The best place to start – Dekalog

A Short Film about Love (1988)

With a body of work this strong, there are numerous excellent places to start, but the fact that Kieślowski criticism often refers to “pre-Dekalog” and “post-Dekalog” highlights the obvious front-runner. A 10-part television series set around the same Warsaw housing estate, each episode showcases a breach of one of the Ten Commandments, but this is no didactic religious tract. Its many admirers included Stanley Kubrick, who said of it: “[Kieślowski and regular co-writer Krzysztof Piesiewicz] have the very rare ability to dramatise their ideas rather than just talking about them. They do this with such dazzling skill, you never see the ideas coming, and don’t realise until later how profoundly they have reached your heart.”

Many people’s first exposure was via expanded episodes given cinema releases as A Short Film About Killing and A Short Film About Love. A Short Film About Killing, in which an agonisingly protracted murder is followed by a meticulously clinical but even more disturbing execution, is Kieślowski’s most fearsomely single-minded film, with cinematographer Sławomir Idziak turning Warsaw into a hellhole of bilious greens and browns (Ridley Scott later hired Idziak to give downtown Mogadishu similar treatment in 2001’s Black Hawk Down). A Short Film About Love applies a scalpel to a subject more usually given a soft-focus filter, anatomising the relationship between a young man barely into adulthood and a thirtysomething woman on whom he spies every night. As with Killing, Kieślowski never flinches: the sexual politics are messy and sometimes excruciating, but the title is finally justified by an extraordinary final sequence.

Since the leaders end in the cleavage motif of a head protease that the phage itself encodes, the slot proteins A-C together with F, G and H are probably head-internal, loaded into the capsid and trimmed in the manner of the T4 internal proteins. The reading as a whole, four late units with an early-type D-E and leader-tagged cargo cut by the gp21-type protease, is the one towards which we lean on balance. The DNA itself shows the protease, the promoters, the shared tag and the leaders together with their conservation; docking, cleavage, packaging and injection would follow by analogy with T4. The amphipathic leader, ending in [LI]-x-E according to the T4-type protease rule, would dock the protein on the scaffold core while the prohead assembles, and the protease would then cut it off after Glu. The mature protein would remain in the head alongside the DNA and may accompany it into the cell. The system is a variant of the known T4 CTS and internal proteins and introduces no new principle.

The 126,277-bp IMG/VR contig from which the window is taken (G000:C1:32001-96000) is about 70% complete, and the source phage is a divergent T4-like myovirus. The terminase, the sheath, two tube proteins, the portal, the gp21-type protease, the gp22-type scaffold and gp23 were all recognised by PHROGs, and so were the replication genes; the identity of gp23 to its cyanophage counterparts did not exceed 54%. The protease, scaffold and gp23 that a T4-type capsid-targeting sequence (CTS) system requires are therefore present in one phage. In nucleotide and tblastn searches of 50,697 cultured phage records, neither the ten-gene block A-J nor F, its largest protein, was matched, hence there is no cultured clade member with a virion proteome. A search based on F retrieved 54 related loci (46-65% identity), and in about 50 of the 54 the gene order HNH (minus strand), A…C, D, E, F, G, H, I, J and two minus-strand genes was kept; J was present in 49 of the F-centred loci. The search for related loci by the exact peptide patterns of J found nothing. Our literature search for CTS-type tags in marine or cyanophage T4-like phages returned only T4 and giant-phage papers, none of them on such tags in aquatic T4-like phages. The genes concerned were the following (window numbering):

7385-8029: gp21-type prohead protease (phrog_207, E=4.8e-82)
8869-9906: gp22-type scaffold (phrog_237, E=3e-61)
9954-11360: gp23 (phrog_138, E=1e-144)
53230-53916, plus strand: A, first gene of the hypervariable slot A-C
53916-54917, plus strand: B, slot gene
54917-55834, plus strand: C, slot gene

What to watch next

The Double Life of Véronique (1991)

Kieślowski’s best-known films are The Double Life of Véronique (1991) and the Three Colours trilogy (Blue, 1993; White and Red, both 1994), made for western European companies and largely in French. He’d have preferred to remain in Poland but felt that it would be inappropriate for a filmmaker of his international standing to avail himself of dwindling local production funds in the immediate post-Communist economic climate. Although Véronique and White are partly set on home turf, his concerns became more universal, indeed nudging the metaphysical, with enthralling scores by regular composer Zbigniew Preisner that are just as eloquent as any spoken content.